A.   If you wait too long to take action against a long-term disability insurance company for refusing to pay long-term disability insurance benefits, you may be prevented from asserting a long-term disability insurance claim. You should consult with a qualified long-term disability insurance lawyer as soon as possible to initiate your claim for long-term disability insurance. A long-term disability insurance lawyer will review the limitation periods with you and ensure that your claim for long-term disability insurance is protected.
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  18.   I just got a letter terminating my long-term disability insurance benefits. What should I do?
  A.   It is important to read the letter very carefully. If your long-term disability insurance benefits are being terminated because a form or information was not provided, contact the long-term disability insurance company immediately, and attempt to get the documentation to the long-term disability insurer as soon as possible. If your long-term disability insurance company maintains its decision to terminate your long-term disability insurance benefits notwithstanding that you and your doctor(s) believe you are still disabled, you should consult with a qualified long-term disability insurance lawyer.
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  19.   How do I know if I should sue?
  A.   That is a question that is best answered by a qualified long-term disability insurance lawyer. You should seek legal advice as soon as your long-term disability insurance company denies your long-term disability insurance claim. There is strict limitation dates associated with long-term disability insurance claims. It is very important that you take immediate action to obtain legal advice once you are denied from a long-term disability insurance lawyer.
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  20.   What if I cannot afford a long-term disability insurance lawyer?
  A.   Many long-term disability insurance lawyers agree to work on a contingency fee basis, which means, essentially, that they do not get paid until your claim is resolved.
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  21.   Who gets sued in a long-term disability insurance claim?
  A.   Once you have retained a long-term disability insurance lawyer, the long-term disability insurance lawyer will work with you to decide who are the appropriate parties to sue (the defendants). Most often in a long-term disability insurance action, you sue the long-term disability insurance company that is refusing to pay your long-term disability insurance benefits. Sometimes, it may be necessary to sue the broker who sold you the long-term disability insurance policy, or your employer. Your long-term disability insurance lawyer will review this with you.
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  22.   What do I sue for?
  A.   In all long-term disability insurance actions, you sue for the payment of the long-term disability insurance benefit to which you are entitled. You may also add a claim for "bad faith," if the long-term disability insurance company acted unfairly when they denied your long-term disability insurance claim. Your long-term disability insurance lawyer will also claim for pre- and post-judgment interest on the amounts claimed, together with a contribution from the defendants towards your legal fees.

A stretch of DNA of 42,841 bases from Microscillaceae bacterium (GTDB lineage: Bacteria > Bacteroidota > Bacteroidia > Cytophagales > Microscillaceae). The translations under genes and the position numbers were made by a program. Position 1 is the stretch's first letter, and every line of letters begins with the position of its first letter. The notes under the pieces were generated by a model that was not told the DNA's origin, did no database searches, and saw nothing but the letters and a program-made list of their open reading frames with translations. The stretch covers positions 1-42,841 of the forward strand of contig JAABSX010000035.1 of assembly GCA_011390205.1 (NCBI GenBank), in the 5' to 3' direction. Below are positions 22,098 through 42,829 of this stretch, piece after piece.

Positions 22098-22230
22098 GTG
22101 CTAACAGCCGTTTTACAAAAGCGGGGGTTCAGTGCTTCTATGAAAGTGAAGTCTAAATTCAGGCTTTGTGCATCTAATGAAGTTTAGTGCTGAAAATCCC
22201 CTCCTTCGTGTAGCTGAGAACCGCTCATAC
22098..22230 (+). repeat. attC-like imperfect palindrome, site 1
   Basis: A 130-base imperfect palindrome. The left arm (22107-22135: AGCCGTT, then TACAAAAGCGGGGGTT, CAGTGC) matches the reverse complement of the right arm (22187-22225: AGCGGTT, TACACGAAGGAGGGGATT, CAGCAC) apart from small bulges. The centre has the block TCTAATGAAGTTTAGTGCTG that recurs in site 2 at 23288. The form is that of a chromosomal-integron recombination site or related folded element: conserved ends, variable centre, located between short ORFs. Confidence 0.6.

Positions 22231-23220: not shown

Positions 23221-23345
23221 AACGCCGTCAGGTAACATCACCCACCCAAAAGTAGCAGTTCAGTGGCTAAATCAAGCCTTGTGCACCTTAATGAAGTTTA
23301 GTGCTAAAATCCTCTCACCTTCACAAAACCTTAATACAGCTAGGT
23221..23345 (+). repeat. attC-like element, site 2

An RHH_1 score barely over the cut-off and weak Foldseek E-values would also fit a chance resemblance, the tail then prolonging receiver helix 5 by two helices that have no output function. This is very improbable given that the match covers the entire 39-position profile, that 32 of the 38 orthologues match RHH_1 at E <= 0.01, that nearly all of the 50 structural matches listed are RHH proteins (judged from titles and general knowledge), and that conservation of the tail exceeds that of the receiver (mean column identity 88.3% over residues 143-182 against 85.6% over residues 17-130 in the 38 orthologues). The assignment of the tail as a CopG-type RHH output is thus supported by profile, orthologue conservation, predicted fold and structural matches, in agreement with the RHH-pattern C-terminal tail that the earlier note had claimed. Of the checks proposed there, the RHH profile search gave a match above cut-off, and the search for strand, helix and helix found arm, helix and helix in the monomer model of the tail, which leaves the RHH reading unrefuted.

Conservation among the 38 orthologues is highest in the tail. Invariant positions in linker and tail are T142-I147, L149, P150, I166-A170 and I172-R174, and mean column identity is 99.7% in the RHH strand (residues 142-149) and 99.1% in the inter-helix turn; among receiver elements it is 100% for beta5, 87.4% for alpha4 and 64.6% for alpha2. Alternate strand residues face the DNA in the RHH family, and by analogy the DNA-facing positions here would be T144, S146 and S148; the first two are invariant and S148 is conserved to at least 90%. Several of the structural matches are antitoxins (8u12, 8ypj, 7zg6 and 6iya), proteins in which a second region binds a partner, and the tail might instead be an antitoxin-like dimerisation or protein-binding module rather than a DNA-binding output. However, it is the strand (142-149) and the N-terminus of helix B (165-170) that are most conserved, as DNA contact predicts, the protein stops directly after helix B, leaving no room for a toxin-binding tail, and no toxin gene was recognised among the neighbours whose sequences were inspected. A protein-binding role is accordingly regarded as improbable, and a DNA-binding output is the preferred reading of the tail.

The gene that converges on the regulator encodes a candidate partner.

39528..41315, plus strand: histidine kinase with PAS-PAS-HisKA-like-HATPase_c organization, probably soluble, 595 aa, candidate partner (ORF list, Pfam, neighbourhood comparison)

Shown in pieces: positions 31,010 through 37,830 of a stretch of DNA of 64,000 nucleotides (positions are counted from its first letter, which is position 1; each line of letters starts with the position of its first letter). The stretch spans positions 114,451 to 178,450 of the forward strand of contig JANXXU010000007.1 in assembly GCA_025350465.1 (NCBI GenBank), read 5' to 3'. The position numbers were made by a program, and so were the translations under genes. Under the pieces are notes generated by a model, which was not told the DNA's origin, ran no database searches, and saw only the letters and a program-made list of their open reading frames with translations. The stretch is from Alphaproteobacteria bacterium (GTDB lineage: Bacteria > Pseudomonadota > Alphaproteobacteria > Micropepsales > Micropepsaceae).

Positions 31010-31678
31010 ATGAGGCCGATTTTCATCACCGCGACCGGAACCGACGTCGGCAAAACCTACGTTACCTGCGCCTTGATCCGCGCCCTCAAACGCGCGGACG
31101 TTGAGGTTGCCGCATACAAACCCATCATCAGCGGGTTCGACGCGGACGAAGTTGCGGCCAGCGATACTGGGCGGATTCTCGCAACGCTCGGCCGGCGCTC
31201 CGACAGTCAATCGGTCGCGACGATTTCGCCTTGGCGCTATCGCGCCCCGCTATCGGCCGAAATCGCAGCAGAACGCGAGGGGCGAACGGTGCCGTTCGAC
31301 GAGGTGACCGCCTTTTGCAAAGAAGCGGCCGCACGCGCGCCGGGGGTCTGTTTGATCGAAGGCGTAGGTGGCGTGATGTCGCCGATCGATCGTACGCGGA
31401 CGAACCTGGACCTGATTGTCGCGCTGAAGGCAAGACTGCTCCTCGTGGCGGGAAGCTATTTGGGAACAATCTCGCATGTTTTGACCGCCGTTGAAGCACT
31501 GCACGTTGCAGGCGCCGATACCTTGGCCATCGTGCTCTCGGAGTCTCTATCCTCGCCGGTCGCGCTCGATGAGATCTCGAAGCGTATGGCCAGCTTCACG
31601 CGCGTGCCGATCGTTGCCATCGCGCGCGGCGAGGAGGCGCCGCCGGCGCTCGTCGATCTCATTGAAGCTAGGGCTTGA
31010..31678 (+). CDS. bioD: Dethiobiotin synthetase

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  23.   What is the process for suing the long-term disability insurance company?
  A.   Your long-term disability insurance lawyer should be able to explain this process to you in detail. Generally, your long-term disability insurance lawyer will begin the court process by delivering a Statement of Claim which sets out the allegations you are making against the long-term disability insurance company. The long-term disability insurance company will file a defence and then documents will be exchanged. At some point, you will be asked questions under oath (Examination for Discovery) and you will likely undergo medical assessments, both with your own doctor and the doctor for the long-term disability insurance company. After that, the settlement negotiations and a possible mediation will occur. If the negotiations or the mediation is not successful then your claim for long-term disability insurance will likely go to trial.
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  24.   Do I have to go to court?
  A.   It is always possible when you begin litigation that your case for long-term disability insurance will end up in the court. However, the vast majority of lawsuits settle at some point in the litigation process.
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  25.   If the long-term disability insurance company agrees that I am still entitled to long-term disability insurance benefits, what are the different ways that my settlement can be paid to me?
  A.   If the matter goes to court and you are successful, the judge will order that the long-term disability insurance company pay you some or all of the outstanding long-term disability insurance benefits that you should have, plus interest, plus cost and legal expenses. The judge may also order that the long-term disability insurance company continue paying you long-term disability insurance benefits into the future, for as long as you are entitled to receive long-term disability insurance benefits under the long-term disability insurance policy. However, many cases settle on the basis that the long-term disability insurance company and claimant agree on an amount of money that represents a full and final payment to you for past and future long-term disability insurance benefits.